The newest writer at Fædrelandsvennen (FVN) in southern Norway is a hard worker who doesn’t ask for coffee breaks or weekends off. And that lack of leisure time doesn’t hurt output, which is expected to be around 4,200 stories a year.
If that sounds like an inhuman amount of productivity, that’s because this writer is a robot. And it’s part of a growing trend in Nordic countries to use AI and robots to gather information for stories.
FVN began using a “robot journalist” in February, said project lead Mads Ommundsen. The robot reports on real estate transactions, such as which homes are bought and sold in certain areas, the selling price of each home, and more.
“We have seen that other newspapers we work closely with have had a significant improvement in the number of articles concerning real estate after the introduction of automated articles,” Ommundsen said. “We have a long tradition for publishing real estate sales; with automated articles, we were able to present this information in a more streamlined way online.”
FVN “introduced” its robot journalist in an article explaining how the process works and showcasing some of the articles it had already written. The robot is a service provided by a Swedish company, United Robots, which also works with publishers Bergens Tidende and Aftenbladet.
“What got me interested in the opportunity are the articles delivered by the robot to Bergens Tidende,” Ommundsen said. “We have seen how they have built up a database of articles using only a text robot.”
AI for real estate
The robot gathers information from public land registers and also gathers property data and statistics including details about the sale and the property itself. Then it calculates the price per square meter and compares it with other nearby home sales. Each article also contains Google images from both the street level and a satellite view.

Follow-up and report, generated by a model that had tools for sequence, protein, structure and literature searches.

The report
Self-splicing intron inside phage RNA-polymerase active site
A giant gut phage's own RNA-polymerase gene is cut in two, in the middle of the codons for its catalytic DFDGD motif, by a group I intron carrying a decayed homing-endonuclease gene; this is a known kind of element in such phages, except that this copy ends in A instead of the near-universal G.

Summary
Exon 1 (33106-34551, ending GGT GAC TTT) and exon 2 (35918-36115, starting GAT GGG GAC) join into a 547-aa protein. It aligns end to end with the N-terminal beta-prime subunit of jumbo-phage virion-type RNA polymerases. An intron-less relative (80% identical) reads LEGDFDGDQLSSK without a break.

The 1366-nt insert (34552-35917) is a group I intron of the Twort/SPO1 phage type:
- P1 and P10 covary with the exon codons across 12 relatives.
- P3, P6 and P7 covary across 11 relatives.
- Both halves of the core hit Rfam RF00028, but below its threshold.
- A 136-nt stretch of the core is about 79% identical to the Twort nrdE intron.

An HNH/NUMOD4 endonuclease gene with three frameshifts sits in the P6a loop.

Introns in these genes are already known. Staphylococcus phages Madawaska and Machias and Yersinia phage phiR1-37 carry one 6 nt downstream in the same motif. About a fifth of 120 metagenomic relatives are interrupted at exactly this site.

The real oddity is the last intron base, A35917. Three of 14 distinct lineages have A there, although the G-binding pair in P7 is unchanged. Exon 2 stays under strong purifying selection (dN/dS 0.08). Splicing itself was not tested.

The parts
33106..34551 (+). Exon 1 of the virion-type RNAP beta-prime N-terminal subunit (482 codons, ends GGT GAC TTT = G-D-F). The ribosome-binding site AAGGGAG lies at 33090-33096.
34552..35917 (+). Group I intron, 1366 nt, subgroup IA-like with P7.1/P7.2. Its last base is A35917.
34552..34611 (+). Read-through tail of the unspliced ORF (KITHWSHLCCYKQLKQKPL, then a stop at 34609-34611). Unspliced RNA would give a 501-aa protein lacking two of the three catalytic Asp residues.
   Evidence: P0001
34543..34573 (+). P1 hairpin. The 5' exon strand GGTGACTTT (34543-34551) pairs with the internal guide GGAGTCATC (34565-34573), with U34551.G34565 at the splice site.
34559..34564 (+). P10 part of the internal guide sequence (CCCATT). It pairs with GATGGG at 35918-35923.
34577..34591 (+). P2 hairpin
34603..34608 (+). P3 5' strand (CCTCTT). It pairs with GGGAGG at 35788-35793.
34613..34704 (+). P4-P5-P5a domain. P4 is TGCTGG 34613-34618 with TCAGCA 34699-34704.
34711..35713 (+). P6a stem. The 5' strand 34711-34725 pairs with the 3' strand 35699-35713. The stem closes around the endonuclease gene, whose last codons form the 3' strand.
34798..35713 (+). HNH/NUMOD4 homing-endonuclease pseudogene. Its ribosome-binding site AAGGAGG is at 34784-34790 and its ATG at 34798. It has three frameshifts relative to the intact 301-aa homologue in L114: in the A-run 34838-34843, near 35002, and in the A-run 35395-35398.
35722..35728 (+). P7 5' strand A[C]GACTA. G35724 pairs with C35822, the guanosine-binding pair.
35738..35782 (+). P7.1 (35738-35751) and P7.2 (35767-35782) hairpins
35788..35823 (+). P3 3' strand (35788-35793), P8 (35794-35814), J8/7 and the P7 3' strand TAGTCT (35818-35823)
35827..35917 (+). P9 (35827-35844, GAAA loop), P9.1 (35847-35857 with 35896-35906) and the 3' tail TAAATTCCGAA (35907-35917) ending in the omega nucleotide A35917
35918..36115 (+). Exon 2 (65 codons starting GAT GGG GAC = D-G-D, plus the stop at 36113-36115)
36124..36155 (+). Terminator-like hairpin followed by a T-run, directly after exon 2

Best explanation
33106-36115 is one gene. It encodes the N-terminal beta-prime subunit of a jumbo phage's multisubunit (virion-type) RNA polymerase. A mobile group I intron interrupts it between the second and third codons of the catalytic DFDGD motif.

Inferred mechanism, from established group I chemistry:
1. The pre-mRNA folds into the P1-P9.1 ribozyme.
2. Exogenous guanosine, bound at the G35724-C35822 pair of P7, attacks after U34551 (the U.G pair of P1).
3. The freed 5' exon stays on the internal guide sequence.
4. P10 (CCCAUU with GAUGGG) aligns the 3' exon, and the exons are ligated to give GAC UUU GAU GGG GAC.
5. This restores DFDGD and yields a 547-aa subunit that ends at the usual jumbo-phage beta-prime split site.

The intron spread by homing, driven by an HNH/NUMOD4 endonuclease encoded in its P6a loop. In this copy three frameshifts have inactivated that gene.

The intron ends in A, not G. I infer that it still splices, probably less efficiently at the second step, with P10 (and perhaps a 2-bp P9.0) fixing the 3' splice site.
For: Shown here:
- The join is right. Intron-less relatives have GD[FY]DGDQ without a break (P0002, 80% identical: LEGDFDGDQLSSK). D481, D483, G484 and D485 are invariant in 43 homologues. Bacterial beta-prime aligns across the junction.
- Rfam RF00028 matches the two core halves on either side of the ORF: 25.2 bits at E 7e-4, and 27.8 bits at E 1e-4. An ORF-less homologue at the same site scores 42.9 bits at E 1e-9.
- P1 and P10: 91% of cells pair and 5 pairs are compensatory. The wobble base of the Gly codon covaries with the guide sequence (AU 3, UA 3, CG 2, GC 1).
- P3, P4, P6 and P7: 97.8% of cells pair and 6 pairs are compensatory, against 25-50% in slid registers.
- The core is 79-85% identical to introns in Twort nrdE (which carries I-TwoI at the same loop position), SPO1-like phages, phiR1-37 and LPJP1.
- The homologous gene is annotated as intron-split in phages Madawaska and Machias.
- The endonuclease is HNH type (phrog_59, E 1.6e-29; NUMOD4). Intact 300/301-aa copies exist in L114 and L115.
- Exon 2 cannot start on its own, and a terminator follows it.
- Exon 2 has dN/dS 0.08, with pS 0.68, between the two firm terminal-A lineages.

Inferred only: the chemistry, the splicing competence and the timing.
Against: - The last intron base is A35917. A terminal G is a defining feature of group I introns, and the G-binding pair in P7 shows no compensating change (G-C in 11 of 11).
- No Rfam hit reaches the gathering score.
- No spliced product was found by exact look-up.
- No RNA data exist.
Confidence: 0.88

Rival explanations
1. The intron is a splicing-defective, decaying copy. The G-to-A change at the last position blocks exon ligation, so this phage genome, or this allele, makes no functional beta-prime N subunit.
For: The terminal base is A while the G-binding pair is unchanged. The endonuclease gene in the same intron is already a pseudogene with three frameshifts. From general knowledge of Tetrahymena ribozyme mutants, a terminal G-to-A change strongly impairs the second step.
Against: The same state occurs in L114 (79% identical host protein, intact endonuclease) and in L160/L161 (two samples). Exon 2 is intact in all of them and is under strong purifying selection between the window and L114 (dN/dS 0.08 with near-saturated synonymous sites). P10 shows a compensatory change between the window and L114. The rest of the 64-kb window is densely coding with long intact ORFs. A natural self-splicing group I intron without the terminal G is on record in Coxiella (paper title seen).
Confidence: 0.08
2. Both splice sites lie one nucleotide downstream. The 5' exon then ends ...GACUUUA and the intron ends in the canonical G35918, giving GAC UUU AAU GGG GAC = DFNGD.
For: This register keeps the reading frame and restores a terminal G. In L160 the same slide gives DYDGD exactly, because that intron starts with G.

The greatest challenges for FVN were deciding what information should be included in each story and how to divide up coverage areas geographically. Ommundsen said they also had to decide the best way to present the articles on the front page, and ultimately settled on having a fixed position for the robot-generated content. The new “employee” allows FVN to dramatically boost the kind of attention it gave to its real estate coverage.
“Before the robot, we almost exclusively wrote stories on real estate purchases if it was a large sum or famous people who bought or sold real estate,” Ommundsen said. “We now publish all purchases and sales. So where we may have had around one article a month on average before, we now have around 350 articles a month.”
Robots vs. newsroom
While the robot generates articles quickly and at low cost, Ommundsen is quick to point out this is a supplement to live journalists, not a replacement.
“The robot can never do as good a job as a journalist,” he said. “The advantage is that we can have this type of material without stealing resources from more important work. Real estate and real estate prices are popular [content]. This is in addition to traditional news.”
Although the initiative is in its early stages, Ommundsen already sees an uptick in readership for its real estate coverage. This will open the door for more applications in other sections in the future, he believes.
“A lot of exciting things are being done in this field. If the data eventually becomes good enough, it could, for example, be an opportunity to look at robot journalism in areas such as sports and traffic incidents.”